read his superb, if a bit overblown, response to a white woman who was “deeply offended” that a contractor hired by her husband flew a small confederate flag on his truck. She wanted to report him as a racist to his boss, and asked Appiah if this was the right thing to do.is the first and only competent ethicist to handle the long-time New York Times Magazine column, so I feel badly that most of the time when I reference his opinions, it is to criticize one of them. He over-all record is excellent, despite the impression one might get from Ethics Alarms. For example,
That nuanced advice is more typical of “The Ethicist’s” work than this recent chapter, in which a man wrote that he had split from his wife after she had refused any physical intimacy, saying that it was no longer “part of her life.” She suggested a trial separation, which led to a formal divorce, and the couple signed a non-disparagement agreement as part of the process. Recently she admitted to him that she had repeatedly cheated on him during their marriage, and that she suggested the trial separation so she could resolve her affair at the time with a married man.
The inquirer says that he has never blamed his wife in discussions with his sons for the end of the marriage, but that he has learned from them that she “places the sole blame on me for every problem ever experienced by our family, including the drug addiction of our older son. When I recently contacted her about visiting him in jail, she said he didn’t want to see me. I contacted him and found that this was not true.”
He asks “The Ethicist” if he can ethically violate the non-disparagement agreement in his own defense, and tell the sons what a lying, cheating, betraying mother they have. To my amazement, Appiah said he could, and even suggested that he should, arguing in the process of a looooong discourse,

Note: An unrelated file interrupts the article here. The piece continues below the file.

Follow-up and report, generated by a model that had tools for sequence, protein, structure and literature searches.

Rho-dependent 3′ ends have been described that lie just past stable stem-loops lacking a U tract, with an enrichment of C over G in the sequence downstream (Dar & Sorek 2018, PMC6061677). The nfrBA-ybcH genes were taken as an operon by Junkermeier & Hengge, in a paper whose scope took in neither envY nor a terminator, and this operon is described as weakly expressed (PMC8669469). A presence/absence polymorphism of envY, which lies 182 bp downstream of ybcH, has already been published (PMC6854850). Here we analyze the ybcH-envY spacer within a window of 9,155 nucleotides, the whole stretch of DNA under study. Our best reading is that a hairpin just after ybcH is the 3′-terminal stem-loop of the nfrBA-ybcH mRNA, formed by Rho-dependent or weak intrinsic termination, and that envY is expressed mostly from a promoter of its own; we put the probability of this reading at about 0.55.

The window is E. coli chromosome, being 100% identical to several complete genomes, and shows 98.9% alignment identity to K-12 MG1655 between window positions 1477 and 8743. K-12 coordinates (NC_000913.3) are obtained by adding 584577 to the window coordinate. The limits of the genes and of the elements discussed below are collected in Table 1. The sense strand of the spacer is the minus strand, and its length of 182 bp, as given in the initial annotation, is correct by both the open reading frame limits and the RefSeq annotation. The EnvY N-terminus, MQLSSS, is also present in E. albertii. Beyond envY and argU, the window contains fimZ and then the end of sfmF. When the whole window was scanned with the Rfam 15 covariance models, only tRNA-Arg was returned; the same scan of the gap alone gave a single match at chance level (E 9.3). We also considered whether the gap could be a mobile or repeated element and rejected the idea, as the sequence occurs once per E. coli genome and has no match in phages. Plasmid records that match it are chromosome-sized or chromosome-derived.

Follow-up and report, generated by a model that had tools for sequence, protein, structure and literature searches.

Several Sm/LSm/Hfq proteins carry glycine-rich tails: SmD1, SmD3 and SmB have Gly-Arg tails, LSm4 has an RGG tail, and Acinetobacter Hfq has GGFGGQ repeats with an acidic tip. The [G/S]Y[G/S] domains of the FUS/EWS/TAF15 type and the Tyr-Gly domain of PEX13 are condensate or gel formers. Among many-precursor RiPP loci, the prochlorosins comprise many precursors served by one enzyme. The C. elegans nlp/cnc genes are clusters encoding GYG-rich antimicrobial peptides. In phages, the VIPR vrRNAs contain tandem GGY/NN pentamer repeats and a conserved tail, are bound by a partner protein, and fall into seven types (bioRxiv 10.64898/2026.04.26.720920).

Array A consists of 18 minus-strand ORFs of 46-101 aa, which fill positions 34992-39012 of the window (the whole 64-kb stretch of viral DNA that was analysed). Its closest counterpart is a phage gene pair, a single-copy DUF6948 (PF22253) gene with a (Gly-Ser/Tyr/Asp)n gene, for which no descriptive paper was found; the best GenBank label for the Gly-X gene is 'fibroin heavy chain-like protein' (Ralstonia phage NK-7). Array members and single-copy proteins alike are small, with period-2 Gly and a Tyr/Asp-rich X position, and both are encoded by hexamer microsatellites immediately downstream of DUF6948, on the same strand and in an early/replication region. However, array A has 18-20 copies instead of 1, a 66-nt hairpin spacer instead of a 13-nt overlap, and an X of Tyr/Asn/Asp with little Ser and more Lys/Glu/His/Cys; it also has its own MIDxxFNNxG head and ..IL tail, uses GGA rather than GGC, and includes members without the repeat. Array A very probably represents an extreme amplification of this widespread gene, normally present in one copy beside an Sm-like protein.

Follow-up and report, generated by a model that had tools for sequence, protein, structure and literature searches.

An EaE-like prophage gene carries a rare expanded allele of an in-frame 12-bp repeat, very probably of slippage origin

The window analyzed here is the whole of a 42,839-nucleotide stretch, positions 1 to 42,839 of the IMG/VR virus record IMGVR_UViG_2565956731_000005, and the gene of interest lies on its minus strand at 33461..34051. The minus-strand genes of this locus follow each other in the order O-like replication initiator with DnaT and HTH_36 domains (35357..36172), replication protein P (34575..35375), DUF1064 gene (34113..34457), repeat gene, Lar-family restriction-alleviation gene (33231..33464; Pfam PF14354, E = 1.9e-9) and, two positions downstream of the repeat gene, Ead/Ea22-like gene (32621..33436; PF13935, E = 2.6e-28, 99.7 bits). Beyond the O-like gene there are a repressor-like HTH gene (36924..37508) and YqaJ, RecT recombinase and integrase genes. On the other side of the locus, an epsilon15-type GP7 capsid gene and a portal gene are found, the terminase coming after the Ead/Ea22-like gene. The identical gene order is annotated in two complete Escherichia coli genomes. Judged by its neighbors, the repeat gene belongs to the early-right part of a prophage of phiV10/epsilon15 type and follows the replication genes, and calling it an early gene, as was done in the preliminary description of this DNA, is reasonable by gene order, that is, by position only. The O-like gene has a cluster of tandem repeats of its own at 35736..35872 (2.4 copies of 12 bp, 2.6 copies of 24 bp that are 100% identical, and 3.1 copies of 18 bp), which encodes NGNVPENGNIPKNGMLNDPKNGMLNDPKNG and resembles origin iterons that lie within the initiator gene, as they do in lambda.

I’ve said before, it’s generally a good thing to know the truth about the important circumstances of your life — and the cause of your parents’ divorce is such a circumstance…. If, as you suggest, your ex-wife seeks to undermine your relationship with your children, it’s not unreasonable for you to want to give them as honest an account of what happened as you can….Protecting your relationship with your adult children and providing them with a more accurate account of the circumstances of their lives are both grounds for telling them what really happened….[Regarding the non-disparagement agreement], your ex-wife is evidently in violation of the agreement herself, she would probably not rush to seek a court remedy. Still, you should ask a lawyer about the legal consequences of breaking the agreement. The ethical situation looks quite straightforward. Given that she violated that agreement herself, she has lost her moral claim to hold you to it. Moreover, the information she has given you was not available to you when you agreed to the nondisparagement clause, because she wasn’t honest with you at the time of your separation. You might not have agreed to it had you known, and you can reasonably insist that it was materially relevant to what you were committing to….[T]hough divorcing adults use nondisparagement agreements to protect their reputations, a principal moral concern in a case like yours is to protect the children, especially minor children. That’s why, with or without a legal agreement, a policy of nondisparagement typically makes sense…we naturally want to minimize their exposure to the toxic effluent of divorce — the usual acrimony of failed matrimony. Your “boys,” however, are well into their adulthood. You would be justified, then, in telling them, as dispassionately as you can, what really happened. Remember, though, that the object here is not to punish your ex-wife but to safeguard your children’s relationship with you and allow them a better understanding of a troubled family history.